This modest request includes a request for ABA players with more than three years of service in the league to receive an increase in monthly compensation to $300/month for each  year of service from $60/month. (Players from the pre-1965 era receive $300/month for each year of service, while the current collective bargaining agreement provides $2,000 per month for year of service to retired players.)

An important point addressed in the aforementioned petition is the fact that NBA teams and the NBA online store via the omnipresent power of the internet sell throwback jerseys and other ABA-themed memorabilia of the Pacers, Nets, Spurs and Nuggets.

“What have the former ABA players realized monetarily from the advertisement of their legacy and playing days? Nothing, not a dime!” the petition stated.

It’s really disgusting,” Wise said. “If there’s profiteering going on, of the ABA, the old throwback (jerseys) and memorabilia of anything like that, for sure they should take care of, again, those players who went into the NBA…”

Wise issued a direct challenge to the NBA commissioner.

“So Adam Silver at the very least could (decide), ‘OK, instead of just shutting us out, let’s at least come to the table. They’re making money off of us as it is,” he said.

“I think it’s just morally right, morally correct, for them to add us to the full pension, especially since it’s not going to hurt them that much.”

If the former ABA players are able to change the NBA’s mind on this issue, it will take a dedicated campaign to elevate the public’s awareness of the issue. Having a high-profile spokesman to raise the bar is a key.

So who could help elevate the issue?

The Doctor.

Wise explained it this way: “A very important component of the history of the NBA, especially the way the game is played currently is the NBA, and I think a face of the ABA that is really pro-ABA and would celebrate their ABA roots is Dr. J.”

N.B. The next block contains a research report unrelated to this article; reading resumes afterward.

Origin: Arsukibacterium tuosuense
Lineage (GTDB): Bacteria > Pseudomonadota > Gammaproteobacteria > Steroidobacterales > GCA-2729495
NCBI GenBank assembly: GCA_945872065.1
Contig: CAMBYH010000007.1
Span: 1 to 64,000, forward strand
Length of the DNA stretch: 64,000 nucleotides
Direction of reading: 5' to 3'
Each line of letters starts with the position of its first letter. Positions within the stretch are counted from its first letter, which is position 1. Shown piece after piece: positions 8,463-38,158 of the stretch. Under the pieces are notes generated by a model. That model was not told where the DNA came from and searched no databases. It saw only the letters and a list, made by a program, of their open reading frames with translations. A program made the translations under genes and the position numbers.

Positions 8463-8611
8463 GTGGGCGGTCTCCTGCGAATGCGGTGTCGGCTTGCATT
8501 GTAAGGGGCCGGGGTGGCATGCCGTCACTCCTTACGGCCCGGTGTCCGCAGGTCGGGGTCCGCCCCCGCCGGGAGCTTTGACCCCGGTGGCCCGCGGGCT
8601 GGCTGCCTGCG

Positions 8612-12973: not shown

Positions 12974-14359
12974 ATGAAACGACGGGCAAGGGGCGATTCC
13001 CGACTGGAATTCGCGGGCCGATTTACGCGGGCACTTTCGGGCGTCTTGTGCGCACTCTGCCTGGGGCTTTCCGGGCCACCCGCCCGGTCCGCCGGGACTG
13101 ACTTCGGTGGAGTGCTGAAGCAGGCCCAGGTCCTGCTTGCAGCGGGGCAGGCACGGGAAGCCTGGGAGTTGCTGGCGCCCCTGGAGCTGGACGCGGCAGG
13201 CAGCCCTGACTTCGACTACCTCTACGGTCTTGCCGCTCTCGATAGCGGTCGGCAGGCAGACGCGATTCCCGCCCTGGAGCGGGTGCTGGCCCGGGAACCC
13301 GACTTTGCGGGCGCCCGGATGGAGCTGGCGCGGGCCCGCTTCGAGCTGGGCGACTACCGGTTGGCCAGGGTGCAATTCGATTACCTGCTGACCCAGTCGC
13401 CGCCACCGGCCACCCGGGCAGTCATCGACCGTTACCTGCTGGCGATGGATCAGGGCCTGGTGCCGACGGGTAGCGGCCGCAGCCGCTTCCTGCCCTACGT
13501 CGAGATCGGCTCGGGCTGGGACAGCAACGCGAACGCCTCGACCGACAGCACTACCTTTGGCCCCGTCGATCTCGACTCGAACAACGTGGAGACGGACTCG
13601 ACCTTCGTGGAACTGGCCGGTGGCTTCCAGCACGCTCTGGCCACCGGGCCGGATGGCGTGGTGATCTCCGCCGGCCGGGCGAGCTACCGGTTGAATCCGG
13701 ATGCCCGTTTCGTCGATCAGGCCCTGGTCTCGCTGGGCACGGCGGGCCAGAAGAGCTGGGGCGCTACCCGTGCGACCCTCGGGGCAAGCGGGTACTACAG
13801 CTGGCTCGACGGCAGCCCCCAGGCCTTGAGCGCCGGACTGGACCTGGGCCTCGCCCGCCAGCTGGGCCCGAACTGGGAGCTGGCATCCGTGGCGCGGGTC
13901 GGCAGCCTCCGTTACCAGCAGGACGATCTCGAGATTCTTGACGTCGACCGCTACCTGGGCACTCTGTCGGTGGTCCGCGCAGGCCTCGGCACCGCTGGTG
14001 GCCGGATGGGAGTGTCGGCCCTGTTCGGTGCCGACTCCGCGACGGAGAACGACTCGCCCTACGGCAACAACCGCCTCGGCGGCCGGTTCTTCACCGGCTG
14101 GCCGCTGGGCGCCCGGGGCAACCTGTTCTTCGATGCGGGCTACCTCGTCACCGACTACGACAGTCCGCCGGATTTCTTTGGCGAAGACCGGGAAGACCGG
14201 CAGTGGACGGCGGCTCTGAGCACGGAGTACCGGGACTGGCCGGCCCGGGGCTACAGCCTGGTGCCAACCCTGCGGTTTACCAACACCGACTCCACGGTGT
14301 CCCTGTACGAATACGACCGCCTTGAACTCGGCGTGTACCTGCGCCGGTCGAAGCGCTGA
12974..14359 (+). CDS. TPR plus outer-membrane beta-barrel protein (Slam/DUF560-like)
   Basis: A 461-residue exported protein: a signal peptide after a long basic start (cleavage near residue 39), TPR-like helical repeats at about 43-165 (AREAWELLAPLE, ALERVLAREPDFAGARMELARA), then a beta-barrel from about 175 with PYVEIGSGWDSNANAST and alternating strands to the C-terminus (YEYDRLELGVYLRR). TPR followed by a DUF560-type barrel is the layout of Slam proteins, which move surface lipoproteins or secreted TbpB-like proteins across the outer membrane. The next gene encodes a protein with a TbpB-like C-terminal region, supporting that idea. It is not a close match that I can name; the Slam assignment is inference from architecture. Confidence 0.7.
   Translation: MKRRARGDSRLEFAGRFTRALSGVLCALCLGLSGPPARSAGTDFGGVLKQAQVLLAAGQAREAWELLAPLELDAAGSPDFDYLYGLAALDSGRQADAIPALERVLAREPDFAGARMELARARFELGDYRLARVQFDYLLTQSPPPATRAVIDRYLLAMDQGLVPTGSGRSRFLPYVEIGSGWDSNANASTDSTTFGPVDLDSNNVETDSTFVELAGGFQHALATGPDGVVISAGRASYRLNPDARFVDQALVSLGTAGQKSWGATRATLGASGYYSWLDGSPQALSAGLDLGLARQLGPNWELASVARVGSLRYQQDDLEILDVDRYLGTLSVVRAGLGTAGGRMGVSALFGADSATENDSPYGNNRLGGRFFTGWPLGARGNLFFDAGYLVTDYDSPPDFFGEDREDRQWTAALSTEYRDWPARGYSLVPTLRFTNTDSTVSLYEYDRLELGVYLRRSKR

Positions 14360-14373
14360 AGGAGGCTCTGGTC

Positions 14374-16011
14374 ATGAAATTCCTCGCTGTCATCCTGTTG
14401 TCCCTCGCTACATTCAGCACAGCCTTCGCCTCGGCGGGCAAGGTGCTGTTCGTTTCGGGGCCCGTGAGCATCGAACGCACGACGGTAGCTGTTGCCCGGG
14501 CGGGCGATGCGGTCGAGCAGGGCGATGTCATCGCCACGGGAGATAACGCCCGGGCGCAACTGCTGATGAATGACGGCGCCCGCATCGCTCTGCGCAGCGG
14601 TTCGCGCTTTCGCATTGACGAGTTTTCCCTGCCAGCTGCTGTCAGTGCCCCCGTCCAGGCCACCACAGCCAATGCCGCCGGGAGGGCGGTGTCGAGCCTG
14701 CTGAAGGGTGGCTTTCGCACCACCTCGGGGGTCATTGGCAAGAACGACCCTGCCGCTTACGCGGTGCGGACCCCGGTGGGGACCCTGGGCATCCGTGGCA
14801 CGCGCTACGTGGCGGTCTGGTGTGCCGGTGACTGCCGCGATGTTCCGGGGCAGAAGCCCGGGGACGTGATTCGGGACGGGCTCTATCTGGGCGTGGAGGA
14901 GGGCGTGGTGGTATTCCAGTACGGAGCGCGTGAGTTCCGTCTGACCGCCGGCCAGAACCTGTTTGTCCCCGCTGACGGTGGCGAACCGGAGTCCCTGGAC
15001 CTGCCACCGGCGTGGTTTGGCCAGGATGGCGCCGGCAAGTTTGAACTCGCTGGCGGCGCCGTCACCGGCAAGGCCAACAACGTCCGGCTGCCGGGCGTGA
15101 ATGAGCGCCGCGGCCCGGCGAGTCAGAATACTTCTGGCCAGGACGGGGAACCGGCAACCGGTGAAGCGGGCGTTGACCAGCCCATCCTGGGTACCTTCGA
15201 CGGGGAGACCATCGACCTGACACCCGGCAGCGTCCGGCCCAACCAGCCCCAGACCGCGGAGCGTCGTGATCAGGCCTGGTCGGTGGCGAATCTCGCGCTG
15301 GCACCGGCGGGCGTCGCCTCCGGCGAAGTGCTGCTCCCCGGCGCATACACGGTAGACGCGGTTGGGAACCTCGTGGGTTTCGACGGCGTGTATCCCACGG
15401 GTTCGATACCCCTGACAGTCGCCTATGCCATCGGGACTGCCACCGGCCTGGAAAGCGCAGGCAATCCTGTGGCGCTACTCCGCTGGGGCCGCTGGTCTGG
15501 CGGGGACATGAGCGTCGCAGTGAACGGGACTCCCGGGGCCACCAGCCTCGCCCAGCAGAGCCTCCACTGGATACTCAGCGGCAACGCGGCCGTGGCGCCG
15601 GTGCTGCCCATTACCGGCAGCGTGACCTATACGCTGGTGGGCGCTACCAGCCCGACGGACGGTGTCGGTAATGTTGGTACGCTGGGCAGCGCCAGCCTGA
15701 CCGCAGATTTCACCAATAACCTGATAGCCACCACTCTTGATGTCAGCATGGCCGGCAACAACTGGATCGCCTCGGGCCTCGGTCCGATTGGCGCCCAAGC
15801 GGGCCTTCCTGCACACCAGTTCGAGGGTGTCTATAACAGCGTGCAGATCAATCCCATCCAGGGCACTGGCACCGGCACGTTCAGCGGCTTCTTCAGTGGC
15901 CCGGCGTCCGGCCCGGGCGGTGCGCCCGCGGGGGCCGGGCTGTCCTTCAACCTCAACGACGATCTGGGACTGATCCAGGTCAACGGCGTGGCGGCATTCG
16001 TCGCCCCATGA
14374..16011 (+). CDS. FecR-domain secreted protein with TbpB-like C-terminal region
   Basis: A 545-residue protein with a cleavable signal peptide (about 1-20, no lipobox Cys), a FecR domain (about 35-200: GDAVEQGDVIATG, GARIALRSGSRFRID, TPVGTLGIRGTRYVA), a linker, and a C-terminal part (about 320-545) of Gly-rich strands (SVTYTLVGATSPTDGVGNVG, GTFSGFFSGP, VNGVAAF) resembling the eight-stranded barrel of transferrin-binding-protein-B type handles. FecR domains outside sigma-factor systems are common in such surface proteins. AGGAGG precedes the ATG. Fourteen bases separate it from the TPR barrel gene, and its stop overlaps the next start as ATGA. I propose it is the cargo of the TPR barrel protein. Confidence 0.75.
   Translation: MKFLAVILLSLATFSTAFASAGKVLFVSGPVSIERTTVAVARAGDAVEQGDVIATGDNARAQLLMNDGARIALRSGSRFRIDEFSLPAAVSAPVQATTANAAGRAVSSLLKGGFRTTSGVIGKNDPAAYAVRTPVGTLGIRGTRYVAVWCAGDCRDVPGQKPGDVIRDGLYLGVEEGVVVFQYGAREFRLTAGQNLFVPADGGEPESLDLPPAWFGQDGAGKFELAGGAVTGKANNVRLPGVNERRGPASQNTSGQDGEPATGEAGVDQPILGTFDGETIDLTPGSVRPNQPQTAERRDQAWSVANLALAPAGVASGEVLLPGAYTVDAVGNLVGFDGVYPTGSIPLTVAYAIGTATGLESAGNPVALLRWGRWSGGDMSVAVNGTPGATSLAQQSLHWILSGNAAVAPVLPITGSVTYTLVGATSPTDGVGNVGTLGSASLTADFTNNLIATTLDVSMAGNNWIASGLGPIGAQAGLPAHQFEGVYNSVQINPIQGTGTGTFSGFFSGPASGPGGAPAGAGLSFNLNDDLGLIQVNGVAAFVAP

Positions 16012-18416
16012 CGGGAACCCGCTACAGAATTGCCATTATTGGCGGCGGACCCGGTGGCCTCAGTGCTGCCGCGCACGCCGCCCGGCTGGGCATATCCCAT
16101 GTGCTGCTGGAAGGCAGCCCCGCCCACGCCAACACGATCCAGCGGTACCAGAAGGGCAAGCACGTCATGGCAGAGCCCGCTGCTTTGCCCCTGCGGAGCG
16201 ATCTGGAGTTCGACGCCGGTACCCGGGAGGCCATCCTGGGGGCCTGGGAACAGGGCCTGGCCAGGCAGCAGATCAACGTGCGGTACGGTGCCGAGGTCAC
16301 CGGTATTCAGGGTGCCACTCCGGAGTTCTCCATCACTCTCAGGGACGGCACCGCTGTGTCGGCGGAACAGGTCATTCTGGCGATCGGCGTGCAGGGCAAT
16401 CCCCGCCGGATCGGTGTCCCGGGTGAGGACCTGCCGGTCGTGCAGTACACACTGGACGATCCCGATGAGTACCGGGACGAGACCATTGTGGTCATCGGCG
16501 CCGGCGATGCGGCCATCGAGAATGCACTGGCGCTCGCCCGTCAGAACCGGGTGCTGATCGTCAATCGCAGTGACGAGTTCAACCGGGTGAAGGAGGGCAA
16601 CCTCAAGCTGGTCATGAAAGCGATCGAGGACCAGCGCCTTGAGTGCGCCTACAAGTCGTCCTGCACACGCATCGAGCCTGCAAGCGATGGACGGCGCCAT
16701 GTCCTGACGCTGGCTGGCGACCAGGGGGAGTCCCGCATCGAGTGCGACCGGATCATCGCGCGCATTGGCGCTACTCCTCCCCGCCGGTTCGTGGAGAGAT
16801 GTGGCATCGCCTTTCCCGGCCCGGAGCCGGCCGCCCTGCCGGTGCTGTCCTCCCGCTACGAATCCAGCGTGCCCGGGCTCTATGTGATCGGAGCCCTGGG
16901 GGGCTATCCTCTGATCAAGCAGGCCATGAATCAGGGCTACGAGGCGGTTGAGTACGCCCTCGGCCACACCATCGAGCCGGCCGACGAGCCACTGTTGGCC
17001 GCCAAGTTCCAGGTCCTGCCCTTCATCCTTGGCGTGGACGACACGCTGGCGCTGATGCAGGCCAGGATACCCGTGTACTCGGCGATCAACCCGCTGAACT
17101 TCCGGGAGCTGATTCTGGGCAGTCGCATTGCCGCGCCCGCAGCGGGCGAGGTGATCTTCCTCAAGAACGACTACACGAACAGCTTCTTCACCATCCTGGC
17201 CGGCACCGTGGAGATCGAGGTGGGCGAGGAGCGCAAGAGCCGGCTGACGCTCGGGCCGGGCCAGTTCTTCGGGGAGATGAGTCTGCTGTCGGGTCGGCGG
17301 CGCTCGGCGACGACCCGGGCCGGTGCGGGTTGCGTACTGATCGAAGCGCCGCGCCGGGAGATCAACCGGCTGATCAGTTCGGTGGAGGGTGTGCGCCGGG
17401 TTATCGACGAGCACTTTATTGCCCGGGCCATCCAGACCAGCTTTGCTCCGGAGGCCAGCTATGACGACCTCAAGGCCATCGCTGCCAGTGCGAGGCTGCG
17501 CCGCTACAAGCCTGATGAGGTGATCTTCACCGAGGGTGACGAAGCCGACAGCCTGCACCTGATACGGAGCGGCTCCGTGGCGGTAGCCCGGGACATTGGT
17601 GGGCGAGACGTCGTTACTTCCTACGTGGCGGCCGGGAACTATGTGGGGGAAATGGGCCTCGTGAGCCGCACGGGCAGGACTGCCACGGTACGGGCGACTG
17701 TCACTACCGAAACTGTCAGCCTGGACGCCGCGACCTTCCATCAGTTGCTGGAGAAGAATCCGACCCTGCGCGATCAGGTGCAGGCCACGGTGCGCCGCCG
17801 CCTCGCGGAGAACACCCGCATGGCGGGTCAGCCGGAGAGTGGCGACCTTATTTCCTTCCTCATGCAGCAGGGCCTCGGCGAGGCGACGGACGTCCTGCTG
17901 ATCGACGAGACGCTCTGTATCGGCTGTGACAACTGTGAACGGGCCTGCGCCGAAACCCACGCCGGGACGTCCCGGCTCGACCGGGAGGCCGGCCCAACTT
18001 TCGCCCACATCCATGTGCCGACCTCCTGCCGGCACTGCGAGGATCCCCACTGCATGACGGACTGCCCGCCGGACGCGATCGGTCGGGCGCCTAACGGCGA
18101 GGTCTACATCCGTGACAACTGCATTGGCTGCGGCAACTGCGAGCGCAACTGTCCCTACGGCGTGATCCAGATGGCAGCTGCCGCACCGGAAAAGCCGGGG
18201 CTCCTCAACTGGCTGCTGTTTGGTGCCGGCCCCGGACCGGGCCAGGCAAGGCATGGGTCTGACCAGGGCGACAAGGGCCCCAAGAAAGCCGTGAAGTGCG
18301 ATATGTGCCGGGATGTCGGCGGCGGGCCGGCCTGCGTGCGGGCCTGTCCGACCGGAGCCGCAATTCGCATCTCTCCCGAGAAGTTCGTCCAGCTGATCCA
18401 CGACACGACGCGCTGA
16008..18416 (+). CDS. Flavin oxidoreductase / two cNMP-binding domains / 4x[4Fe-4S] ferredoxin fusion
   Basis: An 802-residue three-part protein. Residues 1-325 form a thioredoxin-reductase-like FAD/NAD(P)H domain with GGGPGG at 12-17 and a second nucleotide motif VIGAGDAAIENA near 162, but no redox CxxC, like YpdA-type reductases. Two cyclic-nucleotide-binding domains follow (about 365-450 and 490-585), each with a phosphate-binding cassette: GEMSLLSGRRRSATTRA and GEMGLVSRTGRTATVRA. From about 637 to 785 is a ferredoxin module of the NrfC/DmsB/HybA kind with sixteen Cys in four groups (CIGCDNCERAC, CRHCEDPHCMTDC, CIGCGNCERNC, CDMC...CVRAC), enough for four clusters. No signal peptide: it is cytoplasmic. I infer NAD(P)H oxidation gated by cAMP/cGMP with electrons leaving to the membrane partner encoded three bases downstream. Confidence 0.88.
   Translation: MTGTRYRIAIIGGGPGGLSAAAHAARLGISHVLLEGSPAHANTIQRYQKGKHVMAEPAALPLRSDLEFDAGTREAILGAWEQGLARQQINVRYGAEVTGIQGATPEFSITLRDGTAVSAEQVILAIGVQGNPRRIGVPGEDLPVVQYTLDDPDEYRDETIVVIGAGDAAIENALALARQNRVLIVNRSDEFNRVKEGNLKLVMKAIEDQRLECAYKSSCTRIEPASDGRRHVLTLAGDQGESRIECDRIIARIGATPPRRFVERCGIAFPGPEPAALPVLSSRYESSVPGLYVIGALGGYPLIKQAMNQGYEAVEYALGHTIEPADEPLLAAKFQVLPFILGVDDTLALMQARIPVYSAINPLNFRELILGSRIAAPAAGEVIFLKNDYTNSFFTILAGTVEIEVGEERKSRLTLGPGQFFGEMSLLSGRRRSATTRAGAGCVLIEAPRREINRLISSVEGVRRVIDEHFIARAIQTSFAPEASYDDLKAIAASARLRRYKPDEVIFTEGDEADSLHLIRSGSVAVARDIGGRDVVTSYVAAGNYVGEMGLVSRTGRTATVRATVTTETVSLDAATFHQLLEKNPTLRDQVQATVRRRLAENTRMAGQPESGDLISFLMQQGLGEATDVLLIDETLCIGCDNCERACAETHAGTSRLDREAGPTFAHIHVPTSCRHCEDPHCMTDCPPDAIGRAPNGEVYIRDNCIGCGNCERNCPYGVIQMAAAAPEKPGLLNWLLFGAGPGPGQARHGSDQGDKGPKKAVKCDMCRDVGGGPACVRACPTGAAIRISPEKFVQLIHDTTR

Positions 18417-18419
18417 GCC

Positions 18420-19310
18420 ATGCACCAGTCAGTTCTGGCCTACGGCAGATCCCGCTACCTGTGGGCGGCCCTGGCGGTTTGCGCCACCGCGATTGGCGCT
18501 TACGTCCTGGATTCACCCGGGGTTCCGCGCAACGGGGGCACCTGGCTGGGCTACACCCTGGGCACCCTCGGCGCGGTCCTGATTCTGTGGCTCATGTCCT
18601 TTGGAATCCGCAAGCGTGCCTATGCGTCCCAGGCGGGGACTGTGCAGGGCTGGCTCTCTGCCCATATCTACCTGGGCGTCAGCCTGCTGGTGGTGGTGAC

Wise also recommended that longtime announcer Bob Costas, who got his big break as a young announcer as the play-by-play voice of the Spirits of St. Louis, have an active role in being a key figure in this fight.

“Whether he would agree to be the face of this issue, I have no idea,” Wise said of Costas. “But I know he would say something very positive about the ABA, and there should be something in the form of financial consideration for those players who shaped the current NBA … the current playing style of the NBA today.”


“There are retired NBA players who are very sympathetic to our cause, there are a number of them,” Wise said, suggesting Oscar Robertson, Bob Dandridge, Artis Gilmore, Connie Hawkins and Spencer Haywood, the last three of whom also starred in the ABA early in their careers.

Wise is pleased that the ABA petition is making the rounds on the internet, giving it greater visibility and helping educate the public on the matter.

“The power of the terms cannot be overlooked or discounted,” Wise said, “so I think that it’s a good thing and I’d like to see more of it … and hopefully it could gain momentum that would force the NBA (to say), ‘OK, we better do something about this.'”


Wise’s highlights from the 1972 NBA-ABA All-Star Game in two packages:

Wise was a prime-time player. During his pro career he saw action in 552 regular-season games and averaged 17.6 points, 8.3 rebounds, 2.9 assists and 1.16 steals. He increased those numbers to 19.8 points, 9.1 rebounds, 3.1 assists and 1.39 in 74 postseason contests. He was a two-time All-ABA Second Team selection and a two-time All-ABA Defensive First Team choice.